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Facing Criminal Charges in Virginia? Call Us at (540) 343-9349

Receiving Stolen Property

Everyone likes the idea of getting a good deal, but what you may not realize is that if you receive property in some way and you know the items weren’t obtained legally, then you will be punished just as severely as the person who stole these goods. The law holds responsible anyone who knowingly deals with stolen goods, whether you buy something that fell off the back of a truck or you are given an expensive gift you know was stolen. Under Virginia Code §18.2-108 A, any person who buy, receives, or aids in concealing any stolen property or goods, knowing that these items have been stolen, is guilty of larceny.

Larceny is the general term for theft crimes, including shoplifting, robbery, and embezzlement. If you unlawfully gain possession or control of any goods or property, then you have likely committed a type of larceny.

To charge you with receiving stolen goods, prosecutors must have evidence of four elements:

  1. There were stolen goods or property

  2. That you bought, received, or aided in concealing

  3. From another person, and

  4. You knew the goods or property were stolen.

Receiving Stolen Goods Used in a Criminal Investigation

Part B of §18.2-108 states a person who buys or receives any goods that have been or are being used in the course of a criminal investigation by law enforcement, and that person believes the items to have been stolen, is guilty of larceny.

You’ll notice a number of differences between these two crimes. First, this offense includes goods used during a criminal investigation. This is an additional factor that prosecutors will need to prove to convict you of this crime. Second, the person can be guilty of larceny for believing the items to be stolen. This is far different than the crime of obtaining stolen property which requires you to know the goods were obtained illegally. The prosecution will simply have to show that it is highly likely you believed the goods to be stolen based on circumstances, not that you concretely knew of their illicit origins.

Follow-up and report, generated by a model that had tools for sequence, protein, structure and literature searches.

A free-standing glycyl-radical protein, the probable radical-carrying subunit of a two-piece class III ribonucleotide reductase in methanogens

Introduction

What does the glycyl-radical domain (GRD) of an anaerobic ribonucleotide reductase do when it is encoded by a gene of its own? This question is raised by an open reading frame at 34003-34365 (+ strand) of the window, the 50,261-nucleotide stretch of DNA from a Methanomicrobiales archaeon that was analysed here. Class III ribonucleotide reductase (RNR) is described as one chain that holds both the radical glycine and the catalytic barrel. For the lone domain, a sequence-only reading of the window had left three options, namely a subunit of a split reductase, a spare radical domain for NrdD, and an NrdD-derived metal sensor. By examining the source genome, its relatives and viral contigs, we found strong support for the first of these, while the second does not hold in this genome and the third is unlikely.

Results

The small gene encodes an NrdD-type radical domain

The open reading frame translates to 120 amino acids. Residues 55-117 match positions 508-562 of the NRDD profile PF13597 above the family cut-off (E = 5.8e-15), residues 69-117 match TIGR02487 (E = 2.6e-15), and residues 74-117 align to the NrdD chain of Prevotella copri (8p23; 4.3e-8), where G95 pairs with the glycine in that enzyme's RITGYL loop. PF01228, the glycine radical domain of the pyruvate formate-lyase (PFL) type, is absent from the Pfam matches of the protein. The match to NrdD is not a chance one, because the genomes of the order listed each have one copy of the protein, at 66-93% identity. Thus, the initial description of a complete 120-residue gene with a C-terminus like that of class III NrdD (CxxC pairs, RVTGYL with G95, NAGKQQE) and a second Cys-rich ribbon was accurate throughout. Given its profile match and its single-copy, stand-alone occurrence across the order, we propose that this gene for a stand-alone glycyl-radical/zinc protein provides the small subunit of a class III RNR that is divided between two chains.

Statutory Punishments for Receiving Stolen Property

Virginia law punishes larceny as a misdemeanor or felony depending on the value of the goods stolen. If you are accused of receiving stolen property worth less than $200 then you will be charged with petty larceny, a misdemeanor crime. If convicted, you can be sentenced to up to 12 months in jail and a fine up to $2,500.

If the items you received were worth more than $200, prosecutors will charge you with grand larceny. As a felony, you can be punished with up to 20 years in prison and a maximum fine of $2,500.

Defending Against Receiving Stolen Property

There are a number of defenses a Roanoke theft lawyer can use to poke holes in the prosecutor’s case. Common defenses usually demonstrate that there is a lack of proof for one or more specific elements of the crime.

To prove larceny, prosecutors must establish the wrongful taking of any property from another person with the intent to deprive the lawful owner of the property forever. Without any stolen property, there cannot be a crime of receiving stolen goods. Therefore, your lawyer may seek to show the goods were not stolen.

For prosecutors to prove that you purchased, received, or concealed stolen goods, there must be evidence that the property was in your possession or under your control. For example, the items could be found in your vehicle or in a storage locker rented under your name. However, the connection between you and the property may be much more tenuous. In this situation, your attorney may strive to prove you never actually received the goods.

Finally, to gain a conviction, prosecutors must be able to show the court that you knew the goods were stolen. This is a common element to attack since it is difficult to prove what you knew or were thinking at any given time. It is not enough for the prosecutors to state there were signs the goods may have been stolen. For instance, an unexpected expensive gift from a friend or romantic partner is not necessarily stolen. It could have simply been a poor financial decision. Your attorney will strive to prove that there is little to no evidence that you knew the property you bought or received was illegally obtained.

Contact a Roanoke Theft Lawyer Today

If you are facing charges for receiving stolen property, your best chance of proving your innocence is by working with an experienced theft attorney from Roanoke Criminal Attorneys. We have years of experience helping individuals gain the best possible outcome in larceny cases.

Call us today at (540) 343-9349 for a free and confidential consultation to discuss your situation.